It took less than two months of the coronavirus tyranny to make America unrecognizable. Leaders from state and local governments across the U.S. have flattened the curve of some of our most basic constitutional rights, but some Americans are fighting back — and risking jail time or losing their businesses.

On Wednesday night's GBTV special, Glenn Beck argued that we're witnessing the birth of a new civil rights movement — and it's time to build a coalition of common sense to keep America as we know it free.

Watch the full special below:

Use code GLENN to save $10 on one year of BlazeTV.

Want more from Glenn Beck?

To enjoy more of Glenn's masterful storytelling, thought-provoking analysis and uncanny ability to make sense of the chaos, subscribe to BlazeTV — the largest multiplatform network of voices who love America, defend the Constitution and live the American dream.

On the radio program Thursday, Glenn Beck sat down with chief researcher Jason Buttrill to go over two bombshell developments that have recently come to light regarding former Vice President Joe Biden's role in the 2016 dismissal of Ukrainian Prosecutor General Viktor Shokin.

"Wow! Two huge stories dropped within about 24 hours of each other," Jason began. He went on to explain that a court ruling in Ukraine has just prompted an "actual criminal investigation against Joe Biden in Ukraine."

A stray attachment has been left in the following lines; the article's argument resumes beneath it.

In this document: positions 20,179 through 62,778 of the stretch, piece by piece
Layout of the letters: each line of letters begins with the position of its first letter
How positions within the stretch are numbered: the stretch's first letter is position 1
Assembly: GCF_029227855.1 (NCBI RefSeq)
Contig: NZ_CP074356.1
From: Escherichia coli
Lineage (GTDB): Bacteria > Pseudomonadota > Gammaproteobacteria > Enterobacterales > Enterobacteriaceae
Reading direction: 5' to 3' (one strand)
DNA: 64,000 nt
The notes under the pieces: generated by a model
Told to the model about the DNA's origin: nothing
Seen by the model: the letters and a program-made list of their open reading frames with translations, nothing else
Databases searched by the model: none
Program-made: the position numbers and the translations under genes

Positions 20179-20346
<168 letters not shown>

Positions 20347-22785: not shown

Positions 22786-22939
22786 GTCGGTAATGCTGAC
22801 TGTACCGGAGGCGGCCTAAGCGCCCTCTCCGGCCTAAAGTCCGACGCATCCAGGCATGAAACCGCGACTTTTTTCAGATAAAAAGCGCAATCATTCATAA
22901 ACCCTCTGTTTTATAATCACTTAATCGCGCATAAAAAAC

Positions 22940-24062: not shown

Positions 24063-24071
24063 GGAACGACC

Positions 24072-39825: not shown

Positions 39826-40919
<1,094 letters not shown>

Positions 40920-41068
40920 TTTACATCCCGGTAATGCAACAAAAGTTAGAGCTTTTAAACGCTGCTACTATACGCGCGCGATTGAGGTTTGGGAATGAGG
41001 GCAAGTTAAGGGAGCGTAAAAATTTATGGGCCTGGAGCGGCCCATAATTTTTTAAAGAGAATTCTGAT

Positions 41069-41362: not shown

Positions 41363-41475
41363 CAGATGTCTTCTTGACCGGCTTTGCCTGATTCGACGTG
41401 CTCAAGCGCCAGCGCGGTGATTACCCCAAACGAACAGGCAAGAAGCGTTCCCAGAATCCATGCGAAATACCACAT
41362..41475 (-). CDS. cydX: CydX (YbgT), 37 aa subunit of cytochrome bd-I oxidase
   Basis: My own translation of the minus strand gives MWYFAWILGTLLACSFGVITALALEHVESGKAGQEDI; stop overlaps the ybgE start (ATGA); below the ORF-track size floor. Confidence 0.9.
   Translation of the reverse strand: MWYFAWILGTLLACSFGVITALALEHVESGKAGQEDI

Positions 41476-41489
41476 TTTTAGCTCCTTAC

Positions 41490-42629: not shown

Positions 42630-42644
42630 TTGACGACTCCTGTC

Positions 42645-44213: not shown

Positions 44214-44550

This stunning development coincided with the release of leaked phone conversations, which took place in late 2015 and early 2016, allegedly among then-Vice President Biden, Secretary of State John Kerry, and Ukraine's former President Petro Poroshenko.

One of the audiotapes seems to confirm allegations of a quid pro quo between Biden and Poroshenko, with the later admitting that he asked Shokin to resign despite having no evidence of him "doing anything wrong" in exchange for a $1 billion loan guarantee.

"Poroshenko said, 'despite the fact that we didn't have any corruption charges on [Shokin], and we don't have any information about him doing something wrong, I asked him to resign,'" Jason explained. "But none of the Western media is pointing this out."

Watch the video below for more details:


Listen to the released audiotapes in full here.

Use code GLENN to save $10 on one year of BlazeTV.

Want more from Glenn Beck?

To enjoy more of Glenn's masterful storytelling, thought-provoking analysis and uncanny ability to make sense of the chaos, subscribe to BlazeTV — the largest multiplatform network of voices who love America, defend the Constitution and live the American dream.

A recently declassified email, written by former National Security Adviser Susan Rice and sent herself on the day of President Donald Trump's inauguration, reveals the players involved in the origins of the Trump-Russia probe and "unmasking" of then-incoming National Security Adviser, Gen. Michael Flynn.

Rice's email details a meeting in the Oval Office on Jan 5, 2017, which included herself, former FBI Director James Comey, former Deputy Attorney General Sally Yates, former Vice President Joe Biden, and former President Barack Obama. Acting Director of National Intelligence, Richard Grenell, fully declassified the email recently amid President Trump's repeated references to "Obamagate" and claims that Obama "used his last weeks in office to target incoming officials and sabotage the new administration."

On Glenn Beck's Wednesday night special, Glenn broke down the details of Rice's email and discussed what they reveal about the Obama administration officials involved in the Russia investigation's origins.

Watch the video clip below: